You made some comments that you were told to stop journaling; you mentioned the application code 279. Some of what you said was—yes, your eyes are crossed, and you can do it better than I can. I was like, “Oh, my God.”
You had to go and hire your own lawyer at a certain point. Could you just drill that down a little bit? If you are okay to do that; I would appreciate that. Take your time. You can even email after if you want to add anything.
Ms. Jennifer O’Neil: I would happily write out a non-emotional breakdown of how it works from what I understand.
But yes, it was pretty trippy. It was about a year before the actual trial date, and I had to sort of fight to get meetings with the crown attorney. Most people don’t even see the same crown throughout the entire process. You don’t really meet the crown. Due to my privilege, I kind of have a sense of entitlement, so I really made sure to meet with my crown attorney. He and the VWAP worker eventually told me they had made a request—“We don’t know for what files, but files, so it will either be your phone, your email, your medical, your therapeutic”—like, they don’t even tell you what area of your life they’re going for.
So I wiped myself off the Internet for a year and a half. I used to be a fashion model who was all over the Internet; it was my job. So when they apply for your paper files, if the crown were to defend you, what I’ve been told is that that would be the crown essentially paying—the state paying a witness.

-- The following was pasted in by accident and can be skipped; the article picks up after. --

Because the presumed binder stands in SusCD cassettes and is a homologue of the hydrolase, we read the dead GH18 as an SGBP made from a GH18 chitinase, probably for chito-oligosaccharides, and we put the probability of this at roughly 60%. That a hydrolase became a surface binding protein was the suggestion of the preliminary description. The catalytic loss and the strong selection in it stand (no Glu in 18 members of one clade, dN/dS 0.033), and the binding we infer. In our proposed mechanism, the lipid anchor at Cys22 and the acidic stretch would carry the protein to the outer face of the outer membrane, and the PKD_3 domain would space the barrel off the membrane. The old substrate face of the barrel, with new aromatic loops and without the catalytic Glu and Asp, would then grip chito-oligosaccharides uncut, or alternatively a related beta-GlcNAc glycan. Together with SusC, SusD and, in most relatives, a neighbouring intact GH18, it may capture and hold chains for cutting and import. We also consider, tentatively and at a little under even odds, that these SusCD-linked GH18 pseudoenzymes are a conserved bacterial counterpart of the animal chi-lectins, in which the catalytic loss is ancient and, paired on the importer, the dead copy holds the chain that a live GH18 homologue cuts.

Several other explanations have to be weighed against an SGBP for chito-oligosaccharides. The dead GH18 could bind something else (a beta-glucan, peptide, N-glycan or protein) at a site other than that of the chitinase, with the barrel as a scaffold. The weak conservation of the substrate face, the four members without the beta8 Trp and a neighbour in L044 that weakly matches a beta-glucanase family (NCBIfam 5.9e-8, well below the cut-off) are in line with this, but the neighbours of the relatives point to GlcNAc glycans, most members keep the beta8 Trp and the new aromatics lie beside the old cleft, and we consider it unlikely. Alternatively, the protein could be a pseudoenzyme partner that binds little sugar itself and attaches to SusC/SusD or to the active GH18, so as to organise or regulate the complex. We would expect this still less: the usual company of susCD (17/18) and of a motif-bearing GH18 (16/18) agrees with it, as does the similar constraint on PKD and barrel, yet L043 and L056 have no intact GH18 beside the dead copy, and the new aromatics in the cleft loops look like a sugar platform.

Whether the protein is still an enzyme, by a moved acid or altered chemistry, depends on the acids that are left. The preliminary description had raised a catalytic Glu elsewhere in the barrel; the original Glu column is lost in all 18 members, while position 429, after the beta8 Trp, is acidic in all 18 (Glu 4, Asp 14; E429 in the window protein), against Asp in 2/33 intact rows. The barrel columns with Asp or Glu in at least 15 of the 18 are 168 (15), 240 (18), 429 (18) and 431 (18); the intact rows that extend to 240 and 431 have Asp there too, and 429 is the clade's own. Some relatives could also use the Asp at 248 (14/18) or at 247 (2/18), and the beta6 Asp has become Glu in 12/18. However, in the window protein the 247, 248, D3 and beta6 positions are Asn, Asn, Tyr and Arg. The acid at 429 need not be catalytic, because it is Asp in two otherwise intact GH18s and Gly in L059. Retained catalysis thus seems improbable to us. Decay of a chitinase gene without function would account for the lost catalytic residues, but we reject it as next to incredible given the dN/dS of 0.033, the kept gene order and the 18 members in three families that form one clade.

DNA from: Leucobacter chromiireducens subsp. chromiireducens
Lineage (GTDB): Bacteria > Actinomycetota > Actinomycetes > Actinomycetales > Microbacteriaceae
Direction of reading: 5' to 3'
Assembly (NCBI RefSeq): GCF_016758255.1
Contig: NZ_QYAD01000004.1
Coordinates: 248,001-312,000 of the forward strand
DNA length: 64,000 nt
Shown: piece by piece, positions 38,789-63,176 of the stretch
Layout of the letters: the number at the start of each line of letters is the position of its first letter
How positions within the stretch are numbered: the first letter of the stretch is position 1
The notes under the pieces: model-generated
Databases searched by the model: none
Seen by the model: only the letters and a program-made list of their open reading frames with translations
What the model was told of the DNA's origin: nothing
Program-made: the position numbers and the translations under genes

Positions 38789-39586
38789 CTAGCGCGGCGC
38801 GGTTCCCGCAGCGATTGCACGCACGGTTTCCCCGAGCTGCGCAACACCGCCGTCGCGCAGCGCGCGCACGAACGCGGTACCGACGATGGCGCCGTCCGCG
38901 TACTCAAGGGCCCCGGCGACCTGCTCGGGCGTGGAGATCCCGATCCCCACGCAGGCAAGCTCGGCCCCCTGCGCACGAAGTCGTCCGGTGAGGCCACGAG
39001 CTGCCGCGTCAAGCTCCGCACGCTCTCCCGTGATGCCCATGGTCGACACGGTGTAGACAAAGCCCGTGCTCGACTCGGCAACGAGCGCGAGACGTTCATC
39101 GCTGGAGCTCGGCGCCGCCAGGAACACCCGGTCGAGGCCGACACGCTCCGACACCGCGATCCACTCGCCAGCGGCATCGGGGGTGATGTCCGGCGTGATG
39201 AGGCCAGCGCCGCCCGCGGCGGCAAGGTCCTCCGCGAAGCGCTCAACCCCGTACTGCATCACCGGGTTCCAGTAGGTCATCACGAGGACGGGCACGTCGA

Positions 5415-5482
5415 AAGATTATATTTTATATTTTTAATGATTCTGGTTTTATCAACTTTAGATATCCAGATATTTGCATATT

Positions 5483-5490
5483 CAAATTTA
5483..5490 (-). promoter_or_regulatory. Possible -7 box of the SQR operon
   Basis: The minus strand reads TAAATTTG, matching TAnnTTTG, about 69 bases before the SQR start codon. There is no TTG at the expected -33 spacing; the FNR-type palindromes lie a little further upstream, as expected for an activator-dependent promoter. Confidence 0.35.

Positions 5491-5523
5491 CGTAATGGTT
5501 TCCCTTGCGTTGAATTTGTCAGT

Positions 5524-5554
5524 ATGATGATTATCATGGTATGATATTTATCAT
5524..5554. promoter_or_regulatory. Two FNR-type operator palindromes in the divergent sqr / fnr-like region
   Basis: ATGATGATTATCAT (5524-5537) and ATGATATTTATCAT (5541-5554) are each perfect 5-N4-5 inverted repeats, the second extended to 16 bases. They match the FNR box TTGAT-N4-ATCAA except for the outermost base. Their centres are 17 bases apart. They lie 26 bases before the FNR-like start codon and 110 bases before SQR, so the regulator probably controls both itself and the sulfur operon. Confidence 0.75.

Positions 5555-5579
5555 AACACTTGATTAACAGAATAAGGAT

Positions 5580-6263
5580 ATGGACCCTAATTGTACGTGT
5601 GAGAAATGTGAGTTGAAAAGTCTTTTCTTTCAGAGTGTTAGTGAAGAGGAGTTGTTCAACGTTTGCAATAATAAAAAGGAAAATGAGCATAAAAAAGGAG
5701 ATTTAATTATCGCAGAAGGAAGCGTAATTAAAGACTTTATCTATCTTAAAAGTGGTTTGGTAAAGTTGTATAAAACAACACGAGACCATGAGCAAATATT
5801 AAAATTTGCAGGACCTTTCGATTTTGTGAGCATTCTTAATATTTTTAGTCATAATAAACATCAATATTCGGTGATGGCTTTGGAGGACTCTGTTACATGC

There is legal aid available, but a lot of the legal aid isn’t that great. I made it my mission to get a really good lawyer, and I did. I got the top lawyer for these applications in the country. Three days before the trial, the defence switched the nature of their application to being a request simply to be able to ask me questions about my sex life and my head. That meant that all of that work, months and months and months of work to retain this lawyer, who I had managed to get pro bono—and it was so much work to do this—mattered not. It was not necessary because the crown then represented me at the last minute. It appears that the defence pretty much has free rein over what happens when. I don’t know; that’s what I seem to gather from it.
The crown was basically trying to talk to the judge about why it was not relevant to ask me about my sexual history or my mental health. During the recess of this hearing that I was not allowed to sit in on, the crown came and reminded me: “This could go either way. After this hearing, you can’t really call the trial off. If they do win, you are going to have to answer these horrible questions. So do you want to just call a peace bond?